How I reclaimed my body and life

Nishtha Gautam
Nishtha GautamJan 05, 2017 | 12:14

How I reclaimed my body and life

In November 2016, I came across the man who abused the four-year-old me. He was present at the last rites of my grandfather, his friend and neighbour for half a century. Strangely, I did not feel any rancour towards him. I only took my seven-year-old daughter aside and told her to avoid him. She had already been schooled on avoiding abuse. I also ensure that she learns her lessons by heart.


A day later, my visiting cousins were casually sharing a rumour about this man’s depravity, how he didn’t spare any woman in his family, including his daughter and daughter-in-law. And how he now stands banished. That’s when I spoke up, in a flat voice, about what he did to me more than two decades back.

Shocked and hurt, my male cousins held my hands tightly in empathy. They thought that I needed support. Frankly, I didn’t. One of them was surprised at how calm I was.

At 31, I’ve realised that what was done to my body when I was four, seven, ten, 12, 14, 16, 18 and 22, need not be a part of me.

A child of four does not know that the organ between the legs is not just for passing urine. A seven-year-old does not know what molestation means, she has no vocabulary yet for ir. A 10-year-old is only embarrassed about the slowly emerging roundness underneath her t-shirts. A 12-year-old is further mortified. She’s been masturbated upon by an utter stranger in a crowded bus. By 14, she’s tall enough to be mistaken for a grown-up woman. At 16, she learns to slap people on the bus. At 18, she kicks and punches and hurls abuses even when she sees other girls suffering in silence. At 22, she learns that “come home for coffee” invites from friends do not involve coffee.

I had no agency in deciding what my body underwent at different stages, in different cities, caused by different people. Photo: AP

I had no agency in deciding what my body underwent at different stages, in different cities, caused by different people. I was only left with bewilderment, pain, shame, unreasonable guilt and regret, anger, and an acute sense of betrayal. Nobody boards a bus after a tiring day at college and drama practice to be pressed against a hardened penis.

“Man is a social animal” rings in your ears ironically, while society, which is ideally supposed to ensure an individual’s well-being, collectively fails in keeping the integrity of your body intact, your dignity safe.

I stopped fighting for the window seat after my breast was conveniently grabbed by the just alighted co-passenger standing at the platform. I was only an arm’s length for him but for me, he was several milestones ahead. While the incident shocked everybody around, it was me alone who felt the shame. Not a single person approached to console me. I was made to feel tainted.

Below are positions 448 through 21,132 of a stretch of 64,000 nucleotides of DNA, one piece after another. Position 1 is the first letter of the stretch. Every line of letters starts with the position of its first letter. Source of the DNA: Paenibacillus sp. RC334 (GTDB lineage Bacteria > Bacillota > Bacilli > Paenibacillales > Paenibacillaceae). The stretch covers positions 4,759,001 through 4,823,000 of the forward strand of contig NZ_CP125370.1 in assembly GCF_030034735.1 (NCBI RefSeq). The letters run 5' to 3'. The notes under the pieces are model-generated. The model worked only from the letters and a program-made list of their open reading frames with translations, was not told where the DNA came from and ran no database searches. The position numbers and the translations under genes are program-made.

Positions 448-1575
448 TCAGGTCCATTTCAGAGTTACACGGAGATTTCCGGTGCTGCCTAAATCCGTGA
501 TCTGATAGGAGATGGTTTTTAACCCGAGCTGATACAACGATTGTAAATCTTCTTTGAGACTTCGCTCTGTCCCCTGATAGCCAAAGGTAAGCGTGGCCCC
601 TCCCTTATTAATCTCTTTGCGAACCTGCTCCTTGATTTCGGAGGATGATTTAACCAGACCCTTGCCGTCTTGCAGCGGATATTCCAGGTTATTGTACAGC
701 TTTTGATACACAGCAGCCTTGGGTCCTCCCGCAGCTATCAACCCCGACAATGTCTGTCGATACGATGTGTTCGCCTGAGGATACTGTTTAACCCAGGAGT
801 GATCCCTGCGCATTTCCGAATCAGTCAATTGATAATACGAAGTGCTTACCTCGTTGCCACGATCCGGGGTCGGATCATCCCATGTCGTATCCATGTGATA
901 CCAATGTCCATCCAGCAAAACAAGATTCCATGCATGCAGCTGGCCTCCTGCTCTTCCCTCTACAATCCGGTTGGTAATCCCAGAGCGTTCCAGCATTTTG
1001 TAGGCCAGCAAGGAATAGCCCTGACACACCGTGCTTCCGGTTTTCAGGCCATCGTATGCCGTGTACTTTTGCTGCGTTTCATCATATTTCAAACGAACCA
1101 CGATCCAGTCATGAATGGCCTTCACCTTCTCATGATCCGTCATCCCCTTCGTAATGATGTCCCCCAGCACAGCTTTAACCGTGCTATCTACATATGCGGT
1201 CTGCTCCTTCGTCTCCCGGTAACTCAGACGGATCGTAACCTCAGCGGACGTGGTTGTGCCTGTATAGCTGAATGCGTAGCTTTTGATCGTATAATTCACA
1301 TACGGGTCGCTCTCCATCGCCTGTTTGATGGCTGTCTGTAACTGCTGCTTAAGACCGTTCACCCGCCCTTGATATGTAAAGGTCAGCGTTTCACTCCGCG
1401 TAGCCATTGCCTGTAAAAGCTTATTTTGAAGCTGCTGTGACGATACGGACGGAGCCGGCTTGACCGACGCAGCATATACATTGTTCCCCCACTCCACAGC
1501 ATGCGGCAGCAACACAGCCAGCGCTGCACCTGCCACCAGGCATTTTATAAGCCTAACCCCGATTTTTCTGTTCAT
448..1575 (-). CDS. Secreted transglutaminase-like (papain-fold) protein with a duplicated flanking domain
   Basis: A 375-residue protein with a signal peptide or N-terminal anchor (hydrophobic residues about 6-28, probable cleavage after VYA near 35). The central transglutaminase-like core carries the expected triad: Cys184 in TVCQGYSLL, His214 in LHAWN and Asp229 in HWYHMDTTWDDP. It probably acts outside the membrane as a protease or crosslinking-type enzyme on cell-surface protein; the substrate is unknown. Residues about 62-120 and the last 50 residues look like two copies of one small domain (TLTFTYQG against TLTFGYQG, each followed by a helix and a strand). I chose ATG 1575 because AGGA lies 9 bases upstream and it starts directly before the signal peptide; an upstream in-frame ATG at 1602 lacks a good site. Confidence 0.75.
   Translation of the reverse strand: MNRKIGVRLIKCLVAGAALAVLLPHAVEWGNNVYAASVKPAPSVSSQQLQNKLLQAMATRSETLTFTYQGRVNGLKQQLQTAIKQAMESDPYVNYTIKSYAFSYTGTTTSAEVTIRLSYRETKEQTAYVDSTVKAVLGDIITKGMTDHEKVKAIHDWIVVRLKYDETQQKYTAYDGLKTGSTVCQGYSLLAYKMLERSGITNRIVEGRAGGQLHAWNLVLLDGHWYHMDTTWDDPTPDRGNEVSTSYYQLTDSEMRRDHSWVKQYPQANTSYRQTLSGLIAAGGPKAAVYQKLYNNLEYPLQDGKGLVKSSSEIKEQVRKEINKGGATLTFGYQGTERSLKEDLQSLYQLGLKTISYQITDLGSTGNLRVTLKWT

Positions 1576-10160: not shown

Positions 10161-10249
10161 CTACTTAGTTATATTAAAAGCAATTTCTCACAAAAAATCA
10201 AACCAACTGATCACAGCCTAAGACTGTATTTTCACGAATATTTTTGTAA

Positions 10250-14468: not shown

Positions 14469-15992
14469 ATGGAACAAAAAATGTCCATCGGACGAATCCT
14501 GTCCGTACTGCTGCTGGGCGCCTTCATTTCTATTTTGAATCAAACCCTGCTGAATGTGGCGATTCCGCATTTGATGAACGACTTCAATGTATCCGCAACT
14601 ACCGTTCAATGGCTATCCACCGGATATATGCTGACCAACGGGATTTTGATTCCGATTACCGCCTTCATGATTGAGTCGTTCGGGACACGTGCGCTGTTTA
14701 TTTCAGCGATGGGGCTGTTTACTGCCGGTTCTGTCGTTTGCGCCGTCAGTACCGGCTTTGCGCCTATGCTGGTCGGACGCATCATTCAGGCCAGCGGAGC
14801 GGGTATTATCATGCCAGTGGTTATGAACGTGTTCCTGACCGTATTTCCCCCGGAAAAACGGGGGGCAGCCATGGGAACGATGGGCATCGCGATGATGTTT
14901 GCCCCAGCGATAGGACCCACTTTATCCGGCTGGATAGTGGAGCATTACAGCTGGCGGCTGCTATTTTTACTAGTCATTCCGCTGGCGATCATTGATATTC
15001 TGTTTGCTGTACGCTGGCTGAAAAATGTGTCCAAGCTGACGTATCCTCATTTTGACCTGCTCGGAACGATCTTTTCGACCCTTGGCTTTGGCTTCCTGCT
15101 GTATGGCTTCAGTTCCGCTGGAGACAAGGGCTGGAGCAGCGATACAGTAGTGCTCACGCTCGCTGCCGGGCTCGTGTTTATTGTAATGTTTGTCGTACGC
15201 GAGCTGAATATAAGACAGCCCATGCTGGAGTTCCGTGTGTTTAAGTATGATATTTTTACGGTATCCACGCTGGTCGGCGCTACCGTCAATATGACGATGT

Reclaiming the window seat, and my life, came only gradually and after deliberate, concerted efforts. I first taught myself that my body doesn’t get impure or dirty by unwanted touch. The ideas of impurity and honour are constructs to silence women in the face of abuse.


My second lesson to myself was: There is no hierarchy in my body. My wrist or waist are as “off-limits” as my breasts or my bottom. And the latter need not be fussed about all the time.

I didn’t mind my breasts being crushed at crowded fees counters at university, but I have told some acquaintances to not insist on a handshake. Why should a body part be accorded more “respect” than the others?

I democratised my body.

The third lesson was a bit difficult to put in practice.

Never think twice before intervening if you are a witness to bodily violations of others. A man pressing against a hapless girl’s body in a crowded public transport must make you uncomfortable in your own skin. I’ve picked countless fights on behalf of silent sufferers and it worked wonders for my relationship with my own body. Those were the moments of truth and reconciliation. Fighting for others was a way of saying sorry to my body for being silent when a scream was needed. Or a shove.

With age and understanding, I have become both cautious and defiant. I’m more aware of my surroundings, but I’ve also learnt to lead my life on my terms. Neither am I embarrassed of my body anymore. Nor am I ashamed of what was done to it. I realise there are many women around me who’ve faced sexual assault, varying in degree and form, and it’s important to hold an empathetic colloquium even if through gestures.

I haven’t stopped travelling in public transport. I don’t get paranoid in crowded clubs. I accept coffee and wine invites. I call my male friends over, chat and laugh and read out poetry extracts well past midnight. I dress to flatter my body and not to eyes upon it. Like a skilled driver, I’ve learnt to avoid accidents while enjoying the ride on the freeway.

I refuse to hang the albatross of somebody else’s actions around my neck. My body need not be weighed down by it.

Watch: Woman assaulted in Bangalore on New Year talks about the incident

Last updated: January 05, 2017 | 14:32
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